Growing up in a Southern Baptist church in Georgia I was accustomed to hearing songs about heaven in the worship services. We use to sing songs like “When We All Get to Heaven,” and “In the Sweet By and By.” I would venture to say that today we do not sing songs like these very often – songs focused on our eternal home.
I was reminded of that when I came across a song written by Bob Kauflin called “It Is Not Death to Die.” Kauflin based this song on an older hymn text of the same title written in the nineteenth century. Why don’t we sing songs in worship like these today? Songs that give us an eternal perspective and remind us that “this world is not my home, I’m just a passing through.”
Is our lack of eternal perspective related to a culture focused on materialism and pleasure-seeking? Do we really like our earthly home better? It seems that those who speak of heaven and spending eternity with Jesus most often are those who are in the midst of strife whether it be health issues, persecution or poverty.
I know that I need to keep an eternal perspective and not be so focused on the distractions of this world. I am reminded of the I John passage (2:15-17):
Do not love the world, nor the things in the world. If anyone loves the world, the love of the Father is not in him. For all that is in the world, the lust of the flesh and the lust of the eyes and the boastful pride of life, is not from the Father, but is from the world. The world is passing away, and also its lusts; but the one who does the will of the God lives forever.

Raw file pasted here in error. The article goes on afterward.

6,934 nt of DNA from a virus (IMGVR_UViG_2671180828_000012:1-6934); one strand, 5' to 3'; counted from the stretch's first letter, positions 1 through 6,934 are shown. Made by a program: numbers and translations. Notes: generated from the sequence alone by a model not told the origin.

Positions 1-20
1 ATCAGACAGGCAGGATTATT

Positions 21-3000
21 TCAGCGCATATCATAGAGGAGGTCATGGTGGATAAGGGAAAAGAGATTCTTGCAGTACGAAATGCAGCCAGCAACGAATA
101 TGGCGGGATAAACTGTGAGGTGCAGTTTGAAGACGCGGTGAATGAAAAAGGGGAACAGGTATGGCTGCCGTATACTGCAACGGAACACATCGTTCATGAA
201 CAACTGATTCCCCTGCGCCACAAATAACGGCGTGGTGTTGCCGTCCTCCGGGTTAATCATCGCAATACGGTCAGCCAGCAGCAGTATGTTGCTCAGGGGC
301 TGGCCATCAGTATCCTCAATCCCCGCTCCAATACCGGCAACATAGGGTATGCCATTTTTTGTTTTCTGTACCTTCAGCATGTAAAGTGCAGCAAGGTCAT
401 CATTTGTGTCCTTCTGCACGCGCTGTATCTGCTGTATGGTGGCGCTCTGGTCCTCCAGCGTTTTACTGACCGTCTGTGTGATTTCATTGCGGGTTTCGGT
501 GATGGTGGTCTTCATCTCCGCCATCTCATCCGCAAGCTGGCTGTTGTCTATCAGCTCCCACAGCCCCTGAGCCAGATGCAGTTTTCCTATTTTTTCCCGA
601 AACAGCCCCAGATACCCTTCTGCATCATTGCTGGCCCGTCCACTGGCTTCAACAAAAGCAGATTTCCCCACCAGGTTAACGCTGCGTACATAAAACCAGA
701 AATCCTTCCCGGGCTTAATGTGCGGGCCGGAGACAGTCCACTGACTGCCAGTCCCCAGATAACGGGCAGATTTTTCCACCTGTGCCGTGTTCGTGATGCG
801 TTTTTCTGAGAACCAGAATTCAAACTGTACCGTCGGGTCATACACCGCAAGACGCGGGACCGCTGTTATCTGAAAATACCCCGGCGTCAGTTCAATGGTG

I appreciate songs like “It is not death to die” which gives an eternal perspective and reminds us of our real home with the Father. I think we need more songs like this to help us stay focused on the goal (Hebrews 12:1-3).
It is not death to die,
To leave this weary road,
And join with saints who dwell on high,
Who’ve found their home with God.
It is not death to close,
The eyes long dimmed by tears,
And wake in joy before the throne,
Delivered from our fears.
Oh, Jesus conquering the grave,
Your precious blood has power to save.
All who trust in You,
Will in Your mercy find,
That is not death to die.
It is not death to fling,
Aside this earthly dust,
And rise with strong and noble wing,
To live among the just.
It is not death to hear,
The key unlock the door
That sets us free from mortal years,
To praise You evermore.
Original words by Henri Malan (1787-1864). Translated by George Bethune (1847). Music, chorus and alternate words by Bob Kauflin.
Sample of song: